Re: Separating Quality-Control Service-Providing from Document-Providing

From: J.W.T.Smith <J.W.T.Smith_at_UKC.AC.UK>
Date: Thu, 2 Dec 1999 20:11:46 +0000


On Tue, 30 Nov 1999, Donald King wrote:

> I'm enthusiastic about what you, Andrew Odlyzko and others are doing.
> There are two aspects of your recent writing that are particularly
> appealing - (1) the notion of authors/institutions paying for the
> article QC/C service and (2) making a distinction between the "article
> QC/C service" and the "product" of the document. I believe that having
> authors/institutions pay for the article QC/C service is sound and may
> well be the "magic bullet" that would undo the damages caused by
> current pricing practices.

Then why not do away with the the concept of the 'journal' altogether - as
I do with my proposed D-Journal model?

In this there is a complete and clear separation between the "QC/C
service" and the "product". There is also the possibility of more than one
"QC/C service" in a given subject area thus bringing competition to bear
which might reduce costs. The author can make the certified article
available via any server service he/she wishes (multiple if required)
since it is not the server service (journal) but the attached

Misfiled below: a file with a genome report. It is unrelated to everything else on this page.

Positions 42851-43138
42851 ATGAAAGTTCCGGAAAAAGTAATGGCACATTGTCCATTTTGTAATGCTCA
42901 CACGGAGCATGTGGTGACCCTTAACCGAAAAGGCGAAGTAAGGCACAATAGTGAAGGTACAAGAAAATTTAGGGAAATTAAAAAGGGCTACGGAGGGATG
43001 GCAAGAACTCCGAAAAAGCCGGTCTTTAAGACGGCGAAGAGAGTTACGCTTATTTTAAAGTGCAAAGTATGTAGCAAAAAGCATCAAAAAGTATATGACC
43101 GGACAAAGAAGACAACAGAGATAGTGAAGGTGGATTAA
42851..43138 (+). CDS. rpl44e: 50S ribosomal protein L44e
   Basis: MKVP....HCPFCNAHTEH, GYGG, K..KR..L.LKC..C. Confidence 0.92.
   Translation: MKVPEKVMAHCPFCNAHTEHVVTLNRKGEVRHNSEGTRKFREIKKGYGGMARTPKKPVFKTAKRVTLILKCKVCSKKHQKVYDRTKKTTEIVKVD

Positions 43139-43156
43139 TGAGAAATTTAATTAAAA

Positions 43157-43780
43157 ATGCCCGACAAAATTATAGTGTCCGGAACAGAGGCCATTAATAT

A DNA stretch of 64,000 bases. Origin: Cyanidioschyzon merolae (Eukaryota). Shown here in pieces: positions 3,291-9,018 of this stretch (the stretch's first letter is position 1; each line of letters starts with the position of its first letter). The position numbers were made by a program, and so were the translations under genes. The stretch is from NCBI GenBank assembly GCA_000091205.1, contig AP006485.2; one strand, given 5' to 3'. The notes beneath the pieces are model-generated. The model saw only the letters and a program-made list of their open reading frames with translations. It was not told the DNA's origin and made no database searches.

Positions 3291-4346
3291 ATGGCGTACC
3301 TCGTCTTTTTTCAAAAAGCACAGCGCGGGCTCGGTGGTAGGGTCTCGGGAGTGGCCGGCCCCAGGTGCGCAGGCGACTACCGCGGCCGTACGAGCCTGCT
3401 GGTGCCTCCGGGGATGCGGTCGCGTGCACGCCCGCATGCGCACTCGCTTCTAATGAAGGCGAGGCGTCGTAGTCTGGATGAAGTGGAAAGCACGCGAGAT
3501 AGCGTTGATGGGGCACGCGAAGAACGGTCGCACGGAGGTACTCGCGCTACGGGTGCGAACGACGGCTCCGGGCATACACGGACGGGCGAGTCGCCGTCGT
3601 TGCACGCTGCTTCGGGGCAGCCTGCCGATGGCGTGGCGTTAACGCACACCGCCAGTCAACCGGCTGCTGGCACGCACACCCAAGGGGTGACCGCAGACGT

'certificate' that warrants the quality of the article. More competing
services (Subject Focal Points in my terminology) can then arise to
'alert/notify' possible readers within a specific research area. Since
they too have no 'ownership' of the article they can only increase its
visibility on the net. Compare this with the Journal which seeks to 'own',
and restrict reader access to, the articles it publishes.

I'm not claiming this very open approach (with more than one option at
each major stage (certification, making available, marketing) would be
applicable to all subject areas but it might fit some very well.

It was agreed at a recent 'Workshop on Publishing Models' organised by
Utrecht University and Delft University of Technology

that there would probably be a need for a range of e-publishing models to
suit the differing requirements of the various academic subject areas in
the future.

Academic e-publishing may not be a 'one size fits all' situation.


John Smith,
University of Kent at Canterbury, UK.
Received on Wed Feb 10 1999 - 19:17:43 GMT

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